As If Widespread Conflict Isn’t Enough, Now Food and Price Challenges Plague South Sudan

A local farmer harvests sorghum. (Photo Courtesy Fred Noy/UN Photo)

A local farmer harvests sorghum. (Photo Courtesy Fred Noy/UN Photo)

Thousands of civilians have been displaced following ground clashes between the SPLA and the SAF and aerial bombings by Sudan. As if that wasn’t enough despair, the rising fighting has more than doubled the price of basic commodities and food for Southern Sudanese living in the areas of Unity, Upper Nile, Northern and Western Bahr al Ghazal states. For the last month, traders who usually import foodstuffs from Southern Kordofan in Sudan to South Sudan have been victims of violence en route.

“A 20 litre jerry can of cooking oil rose from 20 to 40 dollars in the last two weeks,” said Simon Kenyi, a teacher in Bentiu.

The official death toll from the conflict is not known, however, but Unity State Governor Taban Deng Guy said this week that 75 people had died in aerial bombardments in his state alone.

On top of that, Sudanese authorities have seized and impounded more than 60 vehicles carrying food across the border to South Sudan, Sudanese justice minister, Mohammed Boshara Dosa, said on Thursday while inspecting White Nile State. He warned that Khartoum intends to rigidly enforce a ban on smuggling to the southern neighbor and that the seizure is meant to signal the fact that Khartoum considers smuggling of food to South Sudan as “a crime tantamount to supplying the enemy with arms.”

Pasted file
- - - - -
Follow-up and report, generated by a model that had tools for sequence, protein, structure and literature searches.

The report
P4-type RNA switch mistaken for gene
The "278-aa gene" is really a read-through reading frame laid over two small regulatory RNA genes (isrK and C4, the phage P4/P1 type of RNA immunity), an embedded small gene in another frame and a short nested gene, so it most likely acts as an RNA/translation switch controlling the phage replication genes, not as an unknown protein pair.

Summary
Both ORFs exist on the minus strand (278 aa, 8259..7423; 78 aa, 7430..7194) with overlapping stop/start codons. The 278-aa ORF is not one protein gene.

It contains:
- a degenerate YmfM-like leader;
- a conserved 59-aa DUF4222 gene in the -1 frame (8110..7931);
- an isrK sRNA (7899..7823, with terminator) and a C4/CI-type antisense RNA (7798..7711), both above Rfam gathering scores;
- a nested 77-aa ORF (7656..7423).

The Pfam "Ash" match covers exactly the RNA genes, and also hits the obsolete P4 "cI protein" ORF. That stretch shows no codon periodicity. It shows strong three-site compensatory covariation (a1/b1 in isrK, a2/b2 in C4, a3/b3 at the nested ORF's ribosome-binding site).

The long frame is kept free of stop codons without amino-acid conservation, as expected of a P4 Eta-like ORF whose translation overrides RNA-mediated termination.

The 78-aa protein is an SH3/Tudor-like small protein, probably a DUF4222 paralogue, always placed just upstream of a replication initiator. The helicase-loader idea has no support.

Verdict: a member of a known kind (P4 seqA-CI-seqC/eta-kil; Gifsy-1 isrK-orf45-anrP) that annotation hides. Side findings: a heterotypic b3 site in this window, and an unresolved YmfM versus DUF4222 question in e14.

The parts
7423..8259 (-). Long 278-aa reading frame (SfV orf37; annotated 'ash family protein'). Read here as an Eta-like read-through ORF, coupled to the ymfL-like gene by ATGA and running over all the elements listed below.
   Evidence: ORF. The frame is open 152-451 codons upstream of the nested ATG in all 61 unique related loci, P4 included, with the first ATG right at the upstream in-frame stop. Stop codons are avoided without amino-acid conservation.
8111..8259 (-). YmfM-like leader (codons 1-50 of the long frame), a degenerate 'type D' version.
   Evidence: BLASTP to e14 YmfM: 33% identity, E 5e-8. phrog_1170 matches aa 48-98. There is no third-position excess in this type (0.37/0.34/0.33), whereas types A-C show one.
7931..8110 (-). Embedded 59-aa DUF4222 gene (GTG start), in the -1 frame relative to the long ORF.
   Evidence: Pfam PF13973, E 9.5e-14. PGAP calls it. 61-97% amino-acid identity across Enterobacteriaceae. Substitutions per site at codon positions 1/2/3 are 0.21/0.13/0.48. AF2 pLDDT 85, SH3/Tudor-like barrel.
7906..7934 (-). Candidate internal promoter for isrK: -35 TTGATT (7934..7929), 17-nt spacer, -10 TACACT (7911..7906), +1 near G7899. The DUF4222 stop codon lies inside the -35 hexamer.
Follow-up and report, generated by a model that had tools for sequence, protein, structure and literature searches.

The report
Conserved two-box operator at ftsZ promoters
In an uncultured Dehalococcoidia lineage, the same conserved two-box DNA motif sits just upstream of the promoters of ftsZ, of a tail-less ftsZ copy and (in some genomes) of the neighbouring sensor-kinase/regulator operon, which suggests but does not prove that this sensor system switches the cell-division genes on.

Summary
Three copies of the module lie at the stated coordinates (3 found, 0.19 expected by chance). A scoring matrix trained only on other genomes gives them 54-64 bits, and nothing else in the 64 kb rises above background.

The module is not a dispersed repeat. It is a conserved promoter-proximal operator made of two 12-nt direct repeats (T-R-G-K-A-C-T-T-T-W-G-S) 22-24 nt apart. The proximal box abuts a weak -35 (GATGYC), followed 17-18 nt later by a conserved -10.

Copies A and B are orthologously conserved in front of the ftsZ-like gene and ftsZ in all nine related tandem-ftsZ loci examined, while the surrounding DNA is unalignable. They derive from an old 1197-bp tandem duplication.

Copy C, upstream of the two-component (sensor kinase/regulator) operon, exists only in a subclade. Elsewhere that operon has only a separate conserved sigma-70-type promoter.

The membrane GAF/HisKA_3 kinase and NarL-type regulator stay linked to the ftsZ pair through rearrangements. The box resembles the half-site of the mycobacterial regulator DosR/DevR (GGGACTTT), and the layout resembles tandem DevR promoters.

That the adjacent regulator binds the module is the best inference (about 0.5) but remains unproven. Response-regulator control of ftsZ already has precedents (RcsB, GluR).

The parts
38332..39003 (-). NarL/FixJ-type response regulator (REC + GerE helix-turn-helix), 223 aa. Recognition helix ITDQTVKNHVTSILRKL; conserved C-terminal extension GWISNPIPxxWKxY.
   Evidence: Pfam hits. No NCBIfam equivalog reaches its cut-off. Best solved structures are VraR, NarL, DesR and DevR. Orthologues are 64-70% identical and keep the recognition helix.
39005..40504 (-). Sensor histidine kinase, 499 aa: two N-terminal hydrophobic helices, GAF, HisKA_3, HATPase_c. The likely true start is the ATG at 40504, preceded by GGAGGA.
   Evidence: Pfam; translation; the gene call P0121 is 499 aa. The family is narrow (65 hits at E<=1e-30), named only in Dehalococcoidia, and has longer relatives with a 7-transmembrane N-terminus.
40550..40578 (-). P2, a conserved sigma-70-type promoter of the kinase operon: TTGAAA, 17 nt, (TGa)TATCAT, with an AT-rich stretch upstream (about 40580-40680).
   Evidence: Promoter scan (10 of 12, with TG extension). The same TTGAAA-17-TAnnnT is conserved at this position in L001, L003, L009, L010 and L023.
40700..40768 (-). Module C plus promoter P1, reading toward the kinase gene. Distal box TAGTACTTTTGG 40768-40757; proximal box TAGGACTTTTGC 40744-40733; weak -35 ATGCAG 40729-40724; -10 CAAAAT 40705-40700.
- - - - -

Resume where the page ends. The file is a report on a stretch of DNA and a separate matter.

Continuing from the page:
To top it all off, on Thursday the UN decided to reduce the number of soldiers and police in the joint UN/African Union Mission in Darfur (UNAMID) by 4,000, citing improved security across parts of Darfur. However this is incredibly far from reality and I cannot believe this option was even mentioned when UNAMID confirmed bombings taking place in North Darfur at the beginning of this month. Displaced and refugee activists told Radio Dabanga ‘improved security in parts of Darfur’ is inaccurate and the daily rapes, looting, murder and displacement of civilians along with impunity for perpetrators and militants continue to terrorize them with no end in sight.

The coordinator of camps in North Darfur, Umda Ahmed Ateem described the humanitarian situation in the camps for internally displaced people at the very least as ‘disastrous’, stating that famine, the impune rule of government militia, murder, intimidation of civilians and rape as a weapon are widespread and part of everyday life. He said it is shameful that the UN security council has not implemented any of the 17 resolutions drafted on Darfur.

It’s frustrating and difficult to understand how and why there is a disconnect between what is being done and what thousands of displaced, starving, and devastated civilians need.

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